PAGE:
But I do understand that a sauna feels nice.
I was able to reach Eric P. Widmaier, Hershel Raff, and Kevin T. Strang, through email. Is this claim substantiated by what is found in Vander’s Human Physiology? Maybe you would like to pause in your reading for suspense. OK. The answer is: No. They each told me that it is not. “We do discuss that sweat contains salt (sodium and chloride) that can represent a large loss of electrolytes with a large volume of sweat (e.g. exercising on a hot day),” Raff said. Very tiny amounts of lead, copper, and nickel do appear in sweat, but if you have dangerously high concentrations of these metals in your body it is probably best that you visit a hospital rather than an infrared sauna.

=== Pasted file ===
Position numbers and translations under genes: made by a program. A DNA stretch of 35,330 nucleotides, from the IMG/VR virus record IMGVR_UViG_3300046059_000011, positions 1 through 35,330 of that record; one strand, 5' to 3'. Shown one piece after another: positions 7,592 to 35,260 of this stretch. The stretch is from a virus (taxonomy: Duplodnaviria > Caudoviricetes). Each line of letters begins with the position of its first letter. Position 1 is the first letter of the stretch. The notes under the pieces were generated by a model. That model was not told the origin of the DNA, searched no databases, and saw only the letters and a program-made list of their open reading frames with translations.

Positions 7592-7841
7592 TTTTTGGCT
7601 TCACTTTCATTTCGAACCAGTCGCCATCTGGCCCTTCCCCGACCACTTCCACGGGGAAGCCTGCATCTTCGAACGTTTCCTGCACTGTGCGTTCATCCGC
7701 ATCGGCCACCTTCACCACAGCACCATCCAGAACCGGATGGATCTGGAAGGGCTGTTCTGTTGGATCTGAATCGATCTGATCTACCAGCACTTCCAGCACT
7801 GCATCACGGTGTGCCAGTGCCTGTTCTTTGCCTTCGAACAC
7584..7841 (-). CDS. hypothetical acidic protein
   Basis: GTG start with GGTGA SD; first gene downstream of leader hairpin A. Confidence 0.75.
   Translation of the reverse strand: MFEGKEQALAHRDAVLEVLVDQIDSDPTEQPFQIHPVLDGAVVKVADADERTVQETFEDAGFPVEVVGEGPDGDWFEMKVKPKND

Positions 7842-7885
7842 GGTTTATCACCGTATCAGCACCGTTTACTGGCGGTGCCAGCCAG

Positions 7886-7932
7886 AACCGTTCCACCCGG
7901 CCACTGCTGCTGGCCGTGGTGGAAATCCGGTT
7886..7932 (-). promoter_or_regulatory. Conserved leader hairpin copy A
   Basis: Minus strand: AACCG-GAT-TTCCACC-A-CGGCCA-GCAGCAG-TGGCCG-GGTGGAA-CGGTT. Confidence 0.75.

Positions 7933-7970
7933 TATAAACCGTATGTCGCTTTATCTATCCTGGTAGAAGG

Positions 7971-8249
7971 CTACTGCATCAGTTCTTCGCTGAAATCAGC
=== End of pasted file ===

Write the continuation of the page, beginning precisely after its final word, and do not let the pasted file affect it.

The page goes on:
Our pal and Hairpin blogger Kelly Conaboy went to an infrared sauna for The Atlantic and guess what she found (besides a nice warm place to listen to Brian Eno)… Spoiler alert: the main thing your sweat contains is SALT.